Court fines Shoprite for breaching strike order

The retail giant Shoprite Namibia must pay a fine of N$50 000 and give N$100 000 to a bursary fund for its employees because it failed to adhere to a court order issued during a strike of some of its staff in early 2021.

In an order given by judge Esi Schimming-Chase in the Windhoek High Court on Tuesday, the company was directed to pay the fine and provide N$100 000 to a bursary fund for the benefit of its employees who want to enrol in work-related educational courses.

The judge also directed that Shoprite Namibia and its management should treat employees who took part in the strike at the start of 2021 and employees who did not participate in the strike equally when they apply for bursary funding.

Three directors of the company during the time it disobeyed a Labour Court order issued in January 2021 were cautioned in Schimming-Chase’s order.

Some Shoprite Namibia employees were engaged in a strike that started in December 2020 when, in January 2021, the Namibia Food and Allied Workers Union (Nafau), which was representing the striking staff members, obtained an order against the retailer in the Labour Court.

In terms of that order, Shoprite Namibia was not allowed to hire so-called seasonal staff or fixed-term employees to do the work of striking employees and was not permitted to let any of its other employees perform the work of employees involved in the strike.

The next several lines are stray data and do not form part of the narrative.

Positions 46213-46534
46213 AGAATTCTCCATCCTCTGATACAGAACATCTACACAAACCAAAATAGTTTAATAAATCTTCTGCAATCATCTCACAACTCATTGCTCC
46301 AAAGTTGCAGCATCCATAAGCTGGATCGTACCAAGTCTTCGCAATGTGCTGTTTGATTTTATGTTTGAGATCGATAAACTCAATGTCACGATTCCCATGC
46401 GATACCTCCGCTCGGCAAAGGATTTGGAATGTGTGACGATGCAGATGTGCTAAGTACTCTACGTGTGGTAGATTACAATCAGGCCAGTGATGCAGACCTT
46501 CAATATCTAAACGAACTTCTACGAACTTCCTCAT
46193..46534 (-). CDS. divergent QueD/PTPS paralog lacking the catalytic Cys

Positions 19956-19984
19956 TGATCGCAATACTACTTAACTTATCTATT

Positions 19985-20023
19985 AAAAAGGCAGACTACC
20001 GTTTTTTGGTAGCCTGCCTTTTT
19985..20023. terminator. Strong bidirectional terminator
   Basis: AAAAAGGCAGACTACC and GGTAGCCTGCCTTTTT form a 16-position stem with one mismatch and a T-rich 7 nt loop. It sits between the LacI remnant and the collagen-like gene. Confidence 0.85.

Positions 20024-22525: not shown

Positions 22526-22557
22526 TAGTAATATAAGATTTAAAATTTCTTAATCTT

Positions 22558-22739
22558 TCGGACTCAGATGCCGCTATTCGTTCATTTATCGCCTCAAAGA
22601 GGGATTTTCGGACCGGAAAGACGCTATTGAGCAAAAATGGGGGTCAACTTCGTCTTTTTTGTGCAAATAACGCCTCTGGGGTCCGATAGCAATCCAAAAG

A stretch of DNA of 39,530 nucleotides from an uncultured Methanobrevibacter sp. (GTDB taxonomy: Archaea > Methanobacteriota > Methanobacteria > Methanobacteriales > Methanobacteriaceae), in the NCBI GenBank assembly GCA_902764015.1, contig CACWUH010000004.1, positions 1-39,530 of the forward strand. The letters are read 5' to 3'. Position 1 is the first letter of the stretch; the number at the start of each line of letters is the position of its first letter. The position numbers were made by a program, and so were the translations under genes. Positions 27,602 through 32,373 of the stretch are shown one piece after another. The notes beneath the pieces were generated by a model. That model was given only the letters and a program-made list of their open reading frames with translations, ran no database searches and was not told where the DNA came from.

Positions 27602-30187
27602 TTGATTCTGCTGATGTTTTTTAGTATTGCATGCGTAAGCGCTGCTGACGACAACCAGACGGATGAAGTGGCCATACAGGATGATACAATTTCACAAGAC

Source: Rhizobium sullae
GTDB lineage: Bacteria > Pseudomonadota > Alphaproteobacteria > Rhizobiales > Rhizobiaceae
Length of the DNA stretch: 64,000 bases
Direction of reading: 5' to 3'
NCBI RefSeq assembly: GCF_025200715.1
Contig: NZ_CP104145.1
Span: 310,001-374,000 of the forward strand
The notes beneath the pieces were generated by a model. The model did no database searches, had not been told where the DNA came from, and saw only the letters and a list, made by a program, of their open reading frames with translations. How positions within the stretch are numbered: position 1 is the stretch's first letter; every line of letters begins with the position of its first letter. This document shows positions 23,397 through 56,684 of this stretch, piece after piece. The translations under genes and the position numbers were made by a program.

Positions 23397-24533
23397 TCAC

After the initial order had been issued, Nafau returned to the court with an application to have Shoprite Namibia and three of its directors held in contempt of court.

In that application, the trade union informed the court that the company continued to use seasonal employees and other staff members to do the work of striking employees for five days after the initial order had been granted, until an appeal against the first order was filed by the retailer.

The strike lasted for about five weeks and came to an end after the company and the employees reached an agreement on pay increases.

Shoprite Namibia and the three directors were held in contempt of court in a ruling given by a Labour Court judge in February 2021. At the same time, the judge postponed the sentencing of the company and the directors for the contempt.

After that ruling, Shoprite Namibia and the directors appealed to the Supreme Court and also asked that court to review the finding that they had been in contempt of court.

In a judgement delivered in April 2022, the Supreme Court dismissed the review application, but upheld the appeal, finding that the initial order that was breached by Shoprite Namibia should not have been granted, as the company could not be stopped from allowing other employees to perform the work usually done by staff members who were on strike.

Lawyer Uno Katjipuka-Sibolile represented Nafau and Shoprite employees involved in the previous litigation and the contempt proceedings.

Shoprite Namibia and the three directors were represented by senior counsel Jean Marais, assisted by Deon Obbes, instructed by Mark Kutzner.

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